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Retailers suffered from a bad cold in January, and nobody's willing to bet when they'll recover from it.

Stormy weather and economic jitters ahead of a possible war with Iraq kept consumers away from stores last month. U.S. retail sales for January are expected to have fallen 0.5% compared with the previous month, marking the first decline in four months. The government releases its report on January retail sales Thursday at 8:30 a.m.

The drop would follow a 1.2% increase in December sales, led by the auto sector. Car sales were again the reason for the swing -- but this time, to the downside, analysts say. The decline in the sector is expected to have nearly matched the 5% gain in December. Analysts pointed to the fact that automakers had "borrowed from future sales" by offering no-interest promotions as a reason for the downfall last month.

"Excluding autos, there was probably a small gain in retail sales. I believe the underlying trajectory could be positive, with consumers still buying cars on low interest rates, but less so than in the past," said Lara Rhame, economist at Brown Brothers Harriman and a former

Federal Reserve


Rhame seems to be one of the few who is willing to bet on a trend going forward. Most economists say doubts about softness in the job market remain, despite the latest decrease in the January unemployment rate to 5.7%.

Delos Smith, senior economist at the Conference Board, said he "is going with

Federal Reserve Chairman Alan Greenspan's opinion that it is just hard to tell what will happen now, given the heightened geopolitical tensions." Smith also believes the below-average temperatures throughout the U.S. in January strongly contributed to keeping shoppers at home.

Still, January wasn't all bad for retail sales. Price cuts in the period helped with an expected rise of 0.5% in retail sales excluding autos, though economists point at the rise in the price of fuel as one of the reasons for this increase. Also, because consumers tend to curb their spending after the holidays, the month is historically a low one for retailers.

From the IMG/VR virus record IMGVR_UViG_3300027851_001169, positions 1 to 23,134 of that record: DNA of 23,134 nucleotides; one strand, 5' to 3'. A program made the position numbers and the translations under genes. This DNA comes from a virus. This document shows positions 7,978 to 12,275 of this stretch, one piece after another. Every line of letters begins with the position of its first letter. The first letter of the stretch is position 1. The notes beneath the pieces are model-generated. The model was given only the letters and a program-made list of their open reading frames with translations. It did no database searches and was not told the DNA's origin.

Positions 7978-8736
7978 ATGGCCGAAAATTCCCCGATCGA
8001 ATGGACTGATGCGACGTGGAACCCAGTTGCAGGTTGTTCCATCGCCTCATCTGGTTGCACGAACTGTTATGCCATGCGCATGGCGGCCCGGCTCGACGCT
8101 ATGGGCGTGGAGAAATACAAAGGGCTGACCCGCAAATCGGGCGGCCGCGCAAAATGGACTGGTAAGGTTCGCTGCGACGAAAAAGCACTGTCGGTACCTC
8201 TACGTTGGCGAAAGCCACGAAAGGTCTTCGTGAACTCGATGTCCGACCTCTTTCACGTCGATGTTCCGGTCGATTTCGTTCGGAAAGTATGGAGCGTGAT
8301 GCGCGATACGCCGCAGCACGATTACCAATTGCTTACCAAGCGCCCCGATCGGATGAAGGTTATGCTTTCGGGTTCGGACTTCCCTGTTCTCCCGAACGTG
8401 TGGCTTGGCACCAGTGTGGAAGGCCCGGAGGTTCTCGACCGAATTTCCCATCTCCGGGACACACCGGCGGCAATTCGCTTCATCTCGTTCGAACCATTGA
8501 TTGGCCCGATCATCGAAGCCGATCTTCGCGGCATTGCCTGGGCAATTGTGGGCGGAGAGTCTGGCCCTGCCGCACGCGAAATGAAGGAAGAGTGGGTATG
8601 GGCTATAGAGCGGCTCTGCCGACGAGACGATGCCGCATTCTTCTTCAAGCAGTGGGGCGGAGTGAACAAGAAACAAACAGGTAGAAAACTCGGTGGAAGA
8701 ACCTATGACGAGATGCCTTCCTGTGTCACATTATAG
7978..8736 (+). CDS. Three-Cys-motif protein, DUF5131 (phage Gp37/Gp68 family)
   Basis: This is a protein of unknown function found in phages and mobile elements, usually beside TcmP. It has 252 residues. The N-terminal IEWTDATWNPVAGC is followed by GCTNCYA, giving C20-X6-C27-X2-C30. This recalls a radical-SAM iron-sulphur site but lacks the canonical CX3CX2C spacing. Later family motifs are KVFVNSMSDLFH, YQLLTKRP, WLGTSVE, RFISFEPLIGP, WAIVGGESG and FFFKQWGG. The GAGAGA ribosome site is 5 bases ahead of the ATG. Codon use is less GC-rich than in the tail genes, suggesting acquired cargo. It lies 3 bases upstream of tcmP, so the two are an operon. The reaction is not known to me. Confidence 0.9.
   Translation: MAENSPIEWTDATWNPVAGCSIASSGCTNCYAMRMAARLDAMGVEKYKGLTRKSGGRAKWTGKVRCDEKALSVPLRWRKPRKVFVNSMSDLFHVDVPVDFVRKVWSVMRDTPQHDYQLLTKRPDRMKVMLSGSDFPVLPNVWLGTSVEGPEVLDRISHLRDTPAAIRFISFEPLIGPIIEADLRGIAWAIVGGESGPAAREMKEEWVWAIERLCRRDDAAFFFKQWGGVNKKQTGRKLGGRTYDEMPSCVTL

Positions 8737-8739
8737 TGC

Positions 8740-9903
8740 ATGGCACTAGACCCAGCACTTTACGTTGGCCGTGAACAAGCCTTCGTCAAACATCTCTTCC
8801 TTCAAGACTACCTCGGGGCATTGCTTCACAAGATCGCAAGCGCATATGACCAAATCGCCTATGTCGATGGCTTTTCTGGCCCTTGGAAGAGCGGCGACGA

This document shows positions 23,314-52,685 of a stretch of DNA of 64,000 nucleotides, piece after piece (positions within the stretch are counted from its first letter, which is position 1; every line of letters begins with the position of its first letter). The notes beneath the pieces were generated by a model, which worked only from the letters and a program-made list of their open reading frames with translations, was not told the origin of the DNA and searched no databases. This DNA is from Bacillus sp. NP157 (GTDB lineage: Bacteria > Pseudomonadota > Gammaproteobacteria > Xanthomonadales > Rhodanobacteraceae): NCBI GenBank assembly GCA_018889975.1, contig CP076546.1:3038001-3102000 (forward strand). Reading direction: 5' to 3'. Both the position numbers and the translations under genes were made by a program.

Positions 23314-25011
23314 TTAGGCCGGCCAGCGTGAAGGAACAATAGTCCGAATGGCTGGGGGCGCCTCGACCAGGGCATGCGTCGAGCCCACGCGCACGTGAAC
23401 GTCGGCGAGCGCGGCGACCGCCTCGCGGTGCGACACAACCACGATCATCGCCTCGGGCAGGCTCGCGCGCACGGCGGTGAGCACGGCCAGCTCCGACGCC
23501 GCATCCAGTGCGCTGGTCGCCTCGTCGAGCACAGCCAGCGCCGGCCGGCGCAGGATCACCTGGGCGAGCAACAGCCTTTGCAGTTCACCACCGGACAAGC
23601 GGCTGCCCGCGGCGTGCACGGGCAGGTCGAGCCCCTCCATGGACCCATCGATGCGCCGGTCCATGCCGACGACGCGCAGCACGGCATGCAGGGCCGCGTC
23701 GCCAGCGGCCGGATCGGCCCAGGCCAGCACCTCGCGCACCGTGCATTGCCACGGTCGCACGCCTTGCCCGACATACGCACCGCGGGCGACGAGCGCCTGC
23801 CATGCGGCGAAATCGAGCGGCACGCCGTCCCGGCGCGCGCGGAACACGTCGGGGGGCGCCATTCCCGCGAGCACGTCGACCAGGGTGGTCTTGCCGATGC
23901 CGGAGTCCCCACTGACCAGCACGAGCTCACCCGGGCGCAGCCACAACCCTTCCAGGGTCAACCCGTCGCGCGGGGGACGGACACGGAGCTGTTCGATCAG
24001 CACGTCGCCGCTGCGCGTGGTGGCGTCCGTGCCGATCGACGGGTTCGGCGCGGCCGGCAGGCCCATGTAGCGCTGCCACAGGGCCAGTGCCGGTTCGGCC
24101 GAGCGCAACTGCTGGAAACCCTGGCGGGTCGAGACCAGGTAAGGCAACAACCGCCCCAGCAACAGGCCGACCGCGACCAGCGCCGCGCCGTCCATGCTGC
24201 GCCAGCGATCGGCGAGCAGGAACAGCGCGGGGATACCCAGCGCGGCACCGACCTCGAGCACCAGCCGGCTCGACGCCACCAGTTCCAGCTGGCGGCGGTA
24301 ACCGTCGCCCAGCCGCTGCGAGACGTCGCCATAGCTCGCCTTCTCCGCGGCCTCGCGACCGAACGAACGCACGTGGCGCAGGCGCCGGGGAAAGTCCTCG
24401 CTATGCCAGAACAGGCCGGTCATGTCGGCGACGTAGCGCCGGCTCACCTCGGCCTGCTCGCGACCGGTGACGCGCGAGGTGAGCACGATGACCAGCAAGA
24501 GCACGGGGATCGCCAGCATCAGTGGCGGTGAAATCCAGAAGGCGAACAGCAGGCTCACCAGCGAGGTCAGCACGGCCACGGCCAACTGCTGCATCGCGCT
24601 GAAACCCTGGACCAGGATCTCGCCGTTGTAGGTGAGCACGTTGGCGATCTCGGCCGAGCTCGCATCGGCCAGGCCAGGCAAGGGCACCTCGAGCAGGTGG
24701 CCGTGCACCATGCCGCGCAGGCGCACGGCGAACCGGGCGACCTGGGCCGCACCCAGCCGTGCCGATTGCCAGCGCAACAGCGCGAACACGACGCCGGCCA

Stores were lean going into the holiday, which could have accounted for part of January's decline, according to some analysts. "But what was truly disappointing was the level of spending during the holidays. The cold definitely kept people home," Rhame said. She added that she is keeping an eye on low apparel sales, which should continue to be under pressure, and any advances in furniture and home improvement sales.

In general, retailers that had more inventory left over were able to pull off a better performance.


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, the world's largest retailer, said same-store sales grew 2.3% in January, facing a tough comparison with last year, when growth reached 8.6%. The company had expected growth of 2% to 4%.

Federated Department Stores


saw a 1.2% decline in January same-store sales, while

J.C. Penney

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said comparable department-store sales fell 3.8%, as strong December sales resulted in lower levels of clearance merchandise from the holidays.

With war looming and business investment still weak, consumers have been holding on to their income. Analysts think this could be a sign that consumers might not be able to continue carrying the economy alone. "The consumer has carried most of the burden in 2002. But they can't continue being the sole provider of economic growth," said Tom Goetzinger, analyst at Morningstar.

Consumer spending, which represents two-thirds of the economy, has been a strong foundation for the nation's growth, as business spending has lagged.

Some economists say Thursday's number could say more about the past than future trends. Sales grew in the last three months of 2002, and although the holiday season was considered disastrous, many believe sales were unsustainable given the current economic conditions.